After she graduated and moved to Boston, she started her career, met Mr. Right, married, had two beautiful children, lost her mother to cancer, and moved back to the Bay Area, all in what seems in retrospect like a whirlwind, but really was about 10 years. Through all that time, whenever we used her placemats, I got a warm feeling as I decorated the table with their bright patterns. The edges are a little frayed these days but I won't give them up until they are so thin and threadbare that they no longer protect the table. They have meaning for me.

Thank you, Sarah.

Thursday, January 4, 2018

One Paddle, Two Paddle, Three Paddle, for to take me home...

There’s nothing like a visit to one’s childhood home to evoke a zillion memories. Hawaii is that place for me. I spent only two years there as a child back when Hawaii was a Territory rather than a State, ages six to eight, but it was the first place in our vagabond Navy life that really felt like home. Later, I spent six years there as a young adult. It is still, almost fifty years later, my heart’s home.

Imagine the delight of a six year old child who moves by car, Pullman train, and steamship from Washington, DC to Pearl Harbor, Hawaii. Greeted with flower leis. No more closed shoes. Warm rain in which to paddle. No more jackets. Open air classrooms. The swimming pool not two blocks away. No restrictions on where I could go in our little neighborhood, protected as it was by snappy Marine guards. So many kinds of freedom!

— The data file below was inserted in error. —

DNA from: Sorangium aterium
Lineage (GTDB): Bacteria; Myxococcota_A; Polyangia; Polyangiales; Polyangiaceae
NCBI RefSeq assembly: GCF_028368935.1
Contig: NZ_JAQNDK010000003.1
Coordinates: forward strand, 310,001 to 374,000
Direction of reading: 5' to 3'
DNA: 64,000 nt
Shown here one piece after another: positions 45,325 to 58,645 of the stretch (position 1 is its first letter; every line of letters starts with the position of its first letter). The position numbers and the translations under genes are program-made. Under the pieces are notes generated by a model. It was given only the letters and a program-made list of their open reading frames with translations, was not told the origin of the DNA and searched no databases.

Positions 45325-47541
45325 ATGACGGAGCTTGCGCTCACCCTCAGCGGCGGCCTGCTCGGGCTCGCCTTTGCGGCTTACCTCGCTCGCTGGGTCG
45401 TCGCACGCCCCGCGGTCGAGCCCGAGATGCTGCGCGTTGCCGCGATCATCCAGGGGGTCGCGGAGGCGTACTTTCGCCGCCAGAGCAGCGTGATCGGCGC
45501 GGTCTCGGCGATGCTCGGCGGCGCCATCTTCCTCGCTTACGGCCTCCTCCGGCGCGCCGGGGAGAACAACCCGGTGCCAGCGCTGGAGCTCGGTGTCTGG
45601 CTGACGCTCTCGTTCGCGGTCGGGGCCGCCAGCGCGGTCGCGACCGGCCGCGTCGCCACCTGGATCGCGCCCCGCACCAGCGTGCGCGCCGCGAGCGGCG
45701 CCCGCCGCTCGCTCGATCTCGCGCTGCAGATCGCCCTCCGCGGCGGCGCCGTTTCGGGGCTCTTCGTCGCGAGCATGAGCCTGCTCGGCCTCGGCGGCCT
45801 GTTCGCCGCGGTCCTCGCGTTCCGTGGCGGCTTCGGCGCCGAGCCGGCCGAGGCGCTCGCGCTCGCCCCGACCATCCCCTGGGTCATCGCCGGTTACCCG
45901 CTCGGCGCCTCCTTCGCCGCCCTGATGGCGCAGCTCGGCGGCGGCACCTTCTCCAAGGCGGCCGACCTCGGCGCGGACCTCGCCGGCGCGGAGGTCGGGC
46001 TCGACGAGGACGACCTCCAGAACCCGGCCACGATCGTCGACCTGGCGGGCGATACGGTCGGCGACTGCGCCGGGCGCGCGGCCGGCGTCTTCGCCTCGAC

And the new flavors!  In those days, pineapples came right out of the fields, deftly peeled and sectioned with the same wickedly sharp machetes that lopped them off the plant, and dripping so much sweet juice that I have never again tasted such good ones.

Teriyaki sticks were made of thinly sliced ribbons of beef, slalomed onto bamboo skewers, marinated in a salty, tangy shoyu/ginger sauce that was looser and less sweet than today’s, then grilled on an hibachi. I need to experiment to reproduce that flavor!

Li Hing Mui dried fruits puckered our lips while sending sweet messages to the brain, a compelling whipsaw for the tastebuds. My sister Nancy loved Li Hing flavors, although she claims not to remember them now.

A beach day out at Makaha meant a long drive in our Oldsmobile, a picnic lunch packed meticulously by our mother, a soak in the sun for my already brown body, a swim in water of uncountable shades of blue and green, and the long, sleepy ride home. Sandy, salty and hungry as we always were, the usual stop at Tastee Freez for a cone was enough to have us all asleep in the back seat of our two-tone gray Olds sedan. I imagine that was blessed relief for the parents up front.